“My thirteenth birthday is going to be fucking awesome!” Ernie had proclaimed the week before.
What it’s actually like: a placid, almost morose dinner at The Stewed Prune with the Womacks. Ernie, his tuxedoed grandpa, and his cardboard cutout grandma are seated on one side of the table; Theo, Jan, and myself are seated on the other. At the far end of the room, this guy who’s even older than Mr. Womack is playing the Eyes Wide Shut theme on a grand piano. Various retired couples slurp their food, dab at their mouths, clip their tones.
Ernie’s understandably underwhelmed, and is kind of being a meanie about it. I don’t know if he invited all 213 of his SuperMegaNet friends and they cancelled on him, or, more likely, if he was never friends with them in the first place, but he’s been acting like it’s the worst thing in the world to be celebrating his birthday with “just us” (his words), just the Runt Squad.
We make it through lukewarm soup and a slightly stale salad bar. Then Mr. Womack adjusts Mrs. Womack, pulls out a Nikon Coolpix, and announces that it’s time for presents.
Ernie sighs, shoves his bowl out of the way, grumbles, “Finally.”
First up: a box from Chin & Jowl containing a sweater, corduroy, and a mushy birthday card signed by Mr. and Mrs. Womack.
Ernie moves the box aside, glares at me and the others. “Yours better not be as lame.”
I frown and nudge Theo. “You go first.”
He grabs his gift bag, slides it across the table.
Mr. Womack aims the Coolpix awkwardly. (Beside him, in her state of living cardboard death, Mrs. Womack leers eerily at Theo as if to say, “Don’t I know you from somewhere?”)
Reaching into the bag, Ernie fishes out a scented candle. Scrutinizes it.
“Aromatherapy,” Theo explains. “You can use it during one of your Hella War campaigns. It’s good for concentration.”
Ernie puts the candle away. “Next.”
Jan hands over a scuffed Spendco gift card that he clearly retrieved from a storm drain. “It’s got ten dollars on it,” he says assuredly.
Ernie stuffs the card into his pocket, makes an unenthusiastic grabbing motion in my direction. “Next.”
I hand him my gift bag.
He reaches inside, pulls out the most adorable plush loaf of bread you ever saw. Kawaii!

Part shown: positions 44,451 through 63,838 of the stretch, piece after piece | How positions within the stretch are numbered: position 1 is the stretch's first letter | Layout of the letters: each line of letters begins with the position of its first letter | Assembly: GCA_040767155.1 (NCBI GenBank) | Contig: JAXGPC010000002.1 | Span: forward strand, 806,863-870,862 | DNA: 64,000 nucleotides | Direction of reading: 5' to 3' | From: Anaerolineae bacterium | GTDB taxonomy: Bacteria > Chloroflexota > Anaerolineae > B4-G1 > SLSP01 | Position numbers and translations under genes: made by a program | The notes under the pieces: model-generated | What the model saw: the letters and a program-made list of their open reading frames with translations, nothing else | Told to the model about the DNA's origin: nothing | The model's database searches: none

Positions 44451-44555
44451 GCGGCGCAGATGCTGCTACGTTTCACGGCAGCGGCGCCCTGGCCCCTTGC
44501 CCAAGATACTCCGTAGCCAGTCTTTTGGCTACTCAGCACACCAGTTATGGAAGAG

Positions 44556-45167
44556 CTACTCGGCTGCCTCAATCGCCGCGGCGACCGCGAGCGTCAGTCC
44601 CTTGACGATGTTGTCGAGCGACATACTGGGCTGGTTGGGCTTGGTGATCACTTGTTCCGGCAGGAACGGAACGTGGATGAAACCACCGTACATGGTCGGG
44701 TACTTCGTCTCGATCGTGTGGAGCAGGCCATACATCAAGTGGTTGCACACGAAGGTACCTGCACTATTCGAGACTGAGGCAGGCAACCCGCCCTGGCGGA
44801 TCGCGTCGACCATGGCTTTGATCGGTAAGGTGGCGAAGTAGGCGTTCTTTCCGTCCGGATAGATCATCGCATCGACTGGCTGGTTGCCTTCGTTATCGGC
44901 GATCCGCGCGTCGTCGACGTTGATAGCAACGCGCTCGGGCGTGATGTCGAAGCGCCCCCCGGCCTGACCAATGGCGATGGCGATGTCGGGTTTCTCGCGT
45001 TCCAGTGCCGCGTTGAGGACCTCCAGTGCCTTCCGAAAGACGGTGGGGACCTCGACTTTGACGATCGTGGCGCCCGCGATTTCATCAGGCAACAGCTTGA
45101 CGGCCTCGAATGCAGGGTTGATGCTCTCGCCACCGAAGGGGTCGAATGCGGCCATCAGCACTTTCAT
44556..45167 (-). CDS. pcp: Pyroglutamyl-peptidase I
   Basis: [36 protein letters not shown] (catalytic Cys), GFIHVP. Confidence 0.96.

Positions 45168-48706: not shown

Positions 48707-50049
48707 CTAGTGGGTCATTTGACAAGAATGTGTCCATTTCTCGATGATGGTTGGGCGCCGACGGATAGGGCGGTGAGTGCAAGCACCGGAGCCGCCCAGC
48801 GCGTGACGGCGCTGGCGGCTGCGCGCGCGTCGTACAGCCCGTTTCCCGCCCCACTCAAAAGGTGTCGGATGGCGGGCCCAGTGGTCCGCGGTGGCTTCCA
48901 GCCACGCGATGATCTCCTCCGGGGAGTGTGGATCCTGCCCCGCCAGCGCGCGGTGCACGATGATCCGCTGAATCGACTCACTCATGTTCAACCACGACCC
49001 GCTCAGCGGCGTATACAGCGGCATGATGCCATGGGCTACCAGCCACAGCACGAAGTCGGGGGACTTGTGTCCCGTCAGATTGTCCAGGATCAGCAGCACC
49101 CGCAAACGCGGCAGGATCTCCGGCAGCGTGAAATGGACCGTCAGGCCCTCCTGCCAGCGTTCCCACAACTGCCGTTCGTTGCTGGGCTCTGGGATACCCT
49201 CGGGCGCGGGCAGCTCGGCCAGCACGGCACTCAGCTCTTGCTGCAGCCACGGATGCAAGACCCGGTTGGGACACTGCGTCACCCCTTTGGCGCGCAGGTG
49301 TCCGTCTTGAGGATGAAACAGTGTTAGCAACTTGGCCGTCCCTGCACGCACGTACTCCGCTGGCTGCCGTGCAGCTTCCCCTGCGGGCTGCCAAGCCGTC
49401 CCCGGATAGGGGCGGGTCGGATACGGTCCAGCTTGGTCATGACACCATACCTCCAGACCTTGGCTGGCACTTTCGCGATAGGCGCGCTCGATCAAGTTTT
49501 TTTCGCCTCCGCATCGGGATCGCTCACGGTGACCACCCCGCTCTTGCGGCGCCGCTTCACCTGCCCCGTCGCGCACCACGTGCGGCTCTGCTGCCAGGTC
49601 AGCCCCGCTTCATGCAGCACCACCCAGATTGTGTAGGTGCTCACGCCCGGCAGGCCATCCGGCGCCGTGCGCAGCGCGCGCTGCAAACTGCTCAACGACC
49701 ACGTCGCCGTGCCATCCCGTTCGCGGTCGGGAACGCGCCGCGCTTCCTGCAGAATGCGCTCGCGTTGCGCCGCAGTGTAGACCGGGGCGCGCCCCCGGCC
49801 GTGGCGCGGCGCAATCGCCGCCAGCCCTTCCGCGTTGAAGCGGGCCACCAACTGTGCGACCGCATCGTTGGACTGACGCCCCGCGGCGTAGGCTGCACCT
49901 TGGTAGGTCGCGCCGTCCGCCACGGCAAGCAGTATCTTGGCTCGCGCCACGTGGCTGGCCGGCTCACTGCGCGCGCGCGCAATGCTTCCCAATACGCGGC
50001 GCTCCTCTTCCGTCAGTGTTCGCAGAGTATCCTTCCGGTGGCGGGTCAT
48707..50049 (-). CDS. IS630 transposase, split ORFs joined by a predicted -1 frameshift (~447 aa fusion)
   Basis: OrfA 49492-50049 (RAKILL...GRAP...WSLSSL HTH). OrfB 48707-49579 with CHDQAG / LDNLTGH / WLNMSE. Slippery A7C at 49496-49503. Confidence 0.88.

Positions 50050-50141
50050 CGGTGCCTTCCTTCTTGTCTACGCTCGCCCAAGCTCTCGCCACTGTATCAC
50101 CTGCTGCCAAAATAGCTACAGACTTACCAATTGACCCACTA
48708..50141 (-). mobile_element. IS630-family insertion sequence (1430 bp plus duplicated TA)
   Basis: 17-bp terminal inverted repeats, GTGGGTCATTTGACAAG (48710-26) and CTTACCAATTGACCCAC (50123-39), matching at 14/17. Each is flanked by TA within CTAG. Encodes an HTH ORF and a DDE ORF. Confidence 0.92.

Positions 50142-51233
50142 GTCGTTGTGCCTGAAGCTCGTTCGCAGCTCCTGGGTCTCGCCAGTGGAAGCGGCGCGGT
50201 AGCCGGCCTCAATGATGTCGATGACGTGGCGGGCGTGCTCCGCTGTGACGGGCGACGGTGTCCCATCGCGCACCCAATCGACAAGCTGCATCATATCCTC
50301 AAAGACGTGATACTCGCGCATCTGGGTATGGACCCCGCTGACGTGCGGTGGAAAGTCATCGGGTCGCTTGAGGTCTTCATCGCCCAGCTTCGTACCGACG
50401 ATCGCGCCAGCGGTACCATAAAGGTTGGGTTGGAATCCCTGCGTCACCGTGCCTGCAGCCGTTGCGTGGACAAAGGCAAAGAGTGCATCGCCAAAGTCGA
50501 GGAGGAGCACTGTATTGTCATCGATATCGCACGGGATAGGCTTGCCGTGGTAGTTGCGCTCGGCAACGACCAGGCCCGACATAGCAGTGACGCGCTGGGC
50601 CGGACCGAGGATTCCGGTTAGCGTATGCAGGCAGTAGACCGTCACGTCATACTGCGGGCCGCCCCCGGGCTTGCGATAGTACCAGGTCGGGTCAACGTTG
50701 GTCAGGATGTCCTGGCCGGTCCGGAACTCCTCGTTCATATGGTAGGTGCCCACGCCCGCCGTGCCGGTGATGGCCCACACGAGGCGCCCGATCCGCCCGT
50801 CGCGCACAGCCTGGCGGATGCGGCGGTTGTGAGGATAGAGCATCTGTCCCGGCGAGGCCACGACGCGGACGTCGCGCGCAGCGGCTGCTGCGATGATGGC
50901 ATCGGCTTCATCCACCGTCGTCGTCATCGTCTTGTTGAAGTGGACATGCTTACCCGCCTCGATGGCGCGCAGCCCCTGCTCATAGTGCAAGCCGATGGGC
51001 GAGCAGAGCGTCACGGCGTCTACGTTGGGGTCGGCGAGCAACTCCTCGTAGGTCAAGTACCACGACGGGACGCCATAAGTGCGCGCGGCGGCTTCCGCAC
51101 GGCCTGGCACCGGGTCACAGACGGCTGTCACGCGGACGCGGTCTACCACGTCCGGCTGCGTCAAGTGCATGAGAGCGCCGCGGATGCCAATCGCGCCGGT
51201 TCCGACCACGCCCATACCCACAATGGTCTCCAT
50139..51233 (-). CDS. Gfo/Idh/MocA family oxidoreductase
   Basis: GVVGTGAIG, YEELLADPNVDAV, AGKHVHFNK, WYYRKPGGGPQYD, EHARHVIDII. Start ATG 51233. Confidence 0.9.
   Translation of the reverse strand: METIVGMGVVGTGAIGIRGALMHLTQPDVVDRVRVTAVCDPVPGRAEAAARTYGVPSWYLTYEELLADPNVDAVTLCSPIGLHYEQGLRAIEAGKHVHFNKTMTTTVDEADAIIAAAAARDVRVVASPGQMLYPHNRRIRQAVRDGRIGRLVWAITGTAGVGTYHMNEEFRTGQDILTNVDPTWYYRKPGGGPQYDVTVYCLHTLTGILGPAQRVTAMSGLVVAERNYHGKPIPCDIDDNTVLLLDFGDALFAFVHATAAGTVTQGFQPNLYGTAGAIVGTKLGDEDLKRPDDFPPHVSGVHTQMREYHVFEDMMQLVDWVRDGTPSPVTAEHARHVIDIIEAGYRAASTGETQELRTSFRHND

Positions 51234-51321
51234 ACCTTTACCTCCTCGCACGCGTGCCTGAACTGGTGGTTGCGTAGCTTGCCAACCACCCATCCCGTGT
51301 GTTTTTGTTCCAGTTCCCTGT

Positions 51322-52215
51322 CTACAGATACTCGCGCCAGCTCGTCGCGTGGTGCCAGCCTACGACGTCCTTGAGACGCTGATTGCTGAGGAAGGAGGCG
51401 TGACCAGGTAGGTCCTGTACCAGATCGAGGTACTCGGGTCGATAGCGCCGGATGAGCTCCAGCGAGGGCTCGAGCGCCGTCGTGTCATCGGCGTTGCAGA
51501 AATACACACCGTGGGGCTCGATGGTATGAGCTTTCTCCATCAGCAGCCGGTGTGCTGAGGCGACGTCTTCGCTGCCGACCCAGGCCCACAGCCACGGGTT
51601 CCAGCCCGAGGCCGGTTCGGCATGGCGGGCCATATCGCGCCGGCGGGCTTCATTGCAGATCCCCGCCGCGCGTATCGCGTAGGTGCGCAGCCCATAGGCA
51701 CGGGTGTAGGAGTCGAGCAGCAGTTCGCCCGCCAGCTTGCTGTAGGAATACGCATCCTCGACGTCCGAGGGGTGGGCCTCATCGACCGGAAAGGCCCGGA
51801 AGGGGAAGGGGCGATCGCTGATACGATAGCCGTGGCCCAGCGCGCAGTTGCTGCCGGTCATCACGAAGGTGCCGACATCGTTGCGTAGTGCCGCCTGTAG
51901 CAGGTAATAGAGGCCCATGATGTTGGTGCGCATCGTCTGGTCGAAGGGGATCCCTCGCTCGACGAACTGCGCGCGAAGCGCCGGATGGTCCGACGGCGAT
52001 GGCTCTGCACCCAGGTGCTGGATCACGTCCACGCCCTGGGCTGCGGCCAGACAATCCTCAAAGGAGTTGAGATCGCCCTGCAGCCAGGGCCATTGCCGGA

“What the fuck is this?” he asks, bewildered more than upset.
“A plush loaf of bread,” I reply with glee.
“I can see that. Why are you giving me a plush loaf of bread?”
“I was at GimmeGimme the other day. I saw it and thought of you.”
“Because it’s cute.” I falter. “Because I thought you’d like it.”
“Gee. Thanks.” Ernie replaces the loaf back inside the bag, folds his hands neatly on the tabletop. “Well, unless anyone’s got a soap dish or pair of bookends they want to give me, I think we’re done here.”
An hour and a half later, I’m sitting at the edge of my bed, still dressed from dinner, still stinging from Ernie’s reaction to my present. I’d never tell this to your face, Jan, but a gift card you found in the trash? My plush loaf was way better than that! And Theo—you clearly let your aromatherapist mom do your shopping for you!
Le sigh. I know it’s not supposed to be about me. This was a birthday gift for Ernie. He didn’t have to like it—but, then, he didn’t have to hate it, either. The mature thing for me to do would be to shower and call it a night.
Instead, I download into Ernie’s bedroom, ready to yell at him, ready to demand that he apologize to Theo, Jan, and myself for being such a—
Ernie’s lying in bed, asleep—
—the plush loaf tucked under one arm.
What a jerk! He’d had me believing he absolutely despised my birthday gift, and here he is, snuggling up with the thing!
One of Ernie’s eyes blinks open, rolls around a few times.
Focuses squarely on me.
“You’d better not tell anyone,” he mumbles.
I smile. “Your secret’s safe with me.”